He didn't have a whole lot of education. He called the enemy bad names that were already out of date; it was like he was calling Germans "Huns." He would not have liked the idea of political correctness. He was just a good old Regular like Kipling was talking about when he wrote "The backbone of the Army is the non-commissioned man."

He was always doing things like replacing the firing caps in fragmentation grenades with the ones from smoke grenades, so they would blow instantly, and setting them out with tripwires to make booby traps. I kept away from him when he was putting them out or getting them in. When I got wounded he was up on a little rise in the ground and he yelled at me "Come up here, I can see them." I said something rude to him because that meant they could see him, too. The other writer of this memorial says they shot off his bootlaces there, but he didn't get hurt. He went back to Vietnam to do another tour and was killed. A big salute for you, Sarge.

I think he'd love it that we remembered him this long and wrote this up for him.

John Yeager, Jr

23 Mar 2007

I would like to say that I'm very proud of Staff Sergeant Reynolds for his sacrifice and service to our nation. He must have been a "Soldier's Soldier".

My brother was Sergeant William B. Bishop, Knoxville, Tn, who was with SSG Reynolds when they were both killed in action. (I just found this out while searching for information on my brother's time in Vietnam.)

I don't know anything about what exactly happened to them that day, but would like to know more. I was only told he was lost to hostile fire. I'm glad to know my brother was serving with him. I always wondered if my brother had died alone, I know now he didn't.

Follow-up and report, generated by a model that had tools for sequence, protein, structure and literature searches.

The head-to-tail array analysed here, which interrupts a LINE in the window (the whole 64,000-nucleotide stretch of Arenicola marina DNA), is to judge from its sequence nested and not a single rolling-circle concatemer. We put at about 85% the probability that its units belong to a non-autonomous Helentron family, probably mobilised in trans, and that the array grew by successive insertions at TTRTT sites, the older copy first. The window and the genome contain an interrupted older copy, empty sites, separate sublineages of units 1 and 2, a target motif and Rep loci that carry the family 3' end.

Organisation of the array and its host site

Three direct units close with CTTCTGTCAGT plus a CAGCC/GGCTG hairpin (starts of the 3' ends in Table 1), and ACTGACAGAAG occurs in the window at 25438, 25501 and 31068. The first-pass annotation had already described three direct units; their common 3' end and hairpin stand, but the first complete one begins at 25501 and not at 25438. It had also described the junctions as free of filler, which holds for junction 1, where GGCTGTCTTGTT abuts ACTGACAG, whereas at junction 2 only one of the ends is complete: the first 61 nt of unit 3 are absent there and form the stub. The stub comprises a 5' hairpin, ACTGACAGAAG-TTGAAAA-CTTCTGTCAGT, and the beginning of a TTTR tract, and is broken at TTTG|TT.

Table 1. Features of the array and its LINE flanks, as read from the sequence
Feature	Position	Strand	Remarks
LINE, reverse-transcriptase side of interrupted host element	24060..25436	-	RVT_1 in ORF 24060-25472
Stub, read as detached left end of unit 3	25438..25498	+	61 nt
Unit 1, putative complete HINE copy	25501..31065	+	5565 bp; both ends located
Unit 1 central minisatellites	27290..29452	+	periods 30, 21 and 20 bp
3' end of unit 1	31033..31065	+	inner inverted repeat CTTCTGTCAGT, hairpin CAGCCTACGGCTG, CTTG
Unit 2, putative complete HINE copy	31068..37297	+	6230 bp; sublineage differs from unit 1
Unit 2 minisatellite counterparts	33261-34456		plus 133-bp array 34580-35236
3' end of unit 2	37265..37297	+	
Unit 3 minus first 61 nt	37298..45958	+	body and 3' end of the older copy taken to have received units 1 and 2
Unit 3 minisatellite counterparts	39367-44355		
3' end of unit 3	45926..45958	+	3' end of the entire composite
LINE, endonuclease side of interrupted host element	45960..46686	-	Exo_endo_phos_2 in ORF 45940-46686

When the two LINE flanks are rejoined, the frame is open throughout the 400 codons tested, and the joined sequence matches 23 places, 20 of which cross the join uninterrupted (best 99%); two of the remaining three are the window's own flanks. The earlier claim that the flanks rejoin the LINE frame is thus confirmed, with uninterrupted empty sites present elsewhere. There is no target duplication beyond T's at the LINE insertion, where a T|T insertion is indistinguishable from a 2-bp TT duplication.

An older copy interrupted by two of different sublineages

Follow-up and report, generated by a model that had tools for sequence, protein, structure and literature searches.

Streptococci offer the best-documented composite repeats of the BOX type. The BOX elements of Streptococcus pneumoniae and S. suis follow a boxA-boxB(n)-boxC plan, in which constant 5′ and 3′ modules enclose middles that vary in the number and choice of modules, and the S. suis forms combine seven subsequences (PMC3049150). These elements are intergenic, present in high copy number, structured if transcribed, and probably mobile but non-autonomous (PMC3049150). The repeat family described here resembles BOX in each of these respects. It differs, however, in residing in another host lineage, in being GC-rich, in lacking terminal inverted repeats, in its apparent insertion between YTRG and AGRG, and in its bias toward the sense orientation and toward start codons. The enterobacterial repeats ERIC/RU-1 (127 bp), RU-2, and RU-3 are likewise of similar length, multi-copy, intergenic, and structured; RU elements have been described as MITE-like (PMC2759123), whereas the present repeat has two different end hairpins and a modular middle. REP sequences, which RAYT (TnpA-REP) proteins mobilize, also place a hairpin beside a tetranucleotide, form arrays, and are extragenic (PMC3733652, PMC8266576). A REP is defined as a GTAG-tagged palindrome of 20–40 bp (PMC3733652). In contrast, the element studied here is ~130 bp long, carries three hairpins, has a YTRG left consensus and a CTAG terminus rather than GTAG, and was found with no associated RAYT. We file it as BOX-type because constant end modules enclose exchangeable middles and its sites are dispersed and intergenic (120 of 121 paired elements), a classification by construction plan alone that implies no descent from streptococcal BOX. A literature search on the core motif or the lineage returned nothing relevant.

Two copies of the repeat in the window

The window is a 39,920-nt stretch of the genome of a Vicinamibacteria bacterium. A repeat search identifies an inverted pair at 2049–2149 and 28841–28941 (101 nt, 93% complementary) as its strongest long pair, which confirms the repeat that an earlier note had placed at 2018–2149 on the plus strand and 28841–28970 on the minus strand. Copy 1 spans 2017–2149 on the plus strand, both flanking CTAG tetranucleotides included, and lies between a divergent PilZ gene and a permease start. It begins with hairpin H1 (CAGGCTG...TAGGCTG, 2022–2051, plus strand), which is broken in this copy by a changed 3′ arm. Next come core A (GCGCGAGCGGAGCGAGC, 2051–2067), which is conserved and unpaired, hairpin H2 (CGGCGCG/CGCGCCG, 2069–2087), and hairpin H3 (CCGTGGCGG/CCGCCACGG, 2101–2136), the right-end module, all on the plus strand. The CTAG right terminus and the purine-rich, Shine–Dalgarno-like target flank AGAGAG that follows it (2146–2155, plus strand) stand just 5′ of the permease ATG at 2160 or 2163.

In my heart forever now, both of them!

Charles R. Bishop USAR
HQ Co, 844th Eng Bn, Knoxville, Tn '70-'76
Now in Port Saint Lucie, Florida
E-Mail will be forwarded by the

A Note from The Virtual Wall

187th Infantry
187th Infantry, 8th Army

In Korea the 187th Infantry Regiment (Airborne), augmented by the Thai 21st Infantry Bn, 50th AAA Bn, 674th Fld Arty Bn, and the Philippine 10th BCT, became the 187th Regimental Combat Team. The 187th RCT made two combat jumps during the Korean War. The first was made on 20 October 1950 at Sunchon and Sukchon, North Korea. The mission of the 187th was to cut the road north going to China, preventing North Korean leaders from escaping from Pyongyang, and to rescue American prisoners of war. The second jump was made on Easter Sunday, 1951 at Munsan-ni, South Korea, in order to get behind Chinese forces and block their movement north. Unless SSG Reynolds had broken service he could not have arrived in Korea in time to make the first jump.

502nd Infantry
502nd Infantry, 101st Airborne Division

503rd Infantry
503rd Infantry, 173rd Airborne Brigade
22 March - 22 October 1969

"Someone" did recognize SSG Reynolds' abilities; when he returned to Vietnam in 1969 he was assigned as the Platoon Sergeant of the Recon Platoon in the newly-formed E Company, 4th Bn, 503rd Infantry. He held that position on 22 Oct 1969, when he and SGT William B. Bishop of Knoxville, Tennessee, were killed by fragmentation wounds.

The point-of-contact for this memorial is
a friend,
John Yeager

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With all respect
Jim Schueckler, former CW2, US Army
Ken Davis, Commander, United States Navy (Ret)
Memorial first published on 24 Jun 2001
Last updated 08/27/2007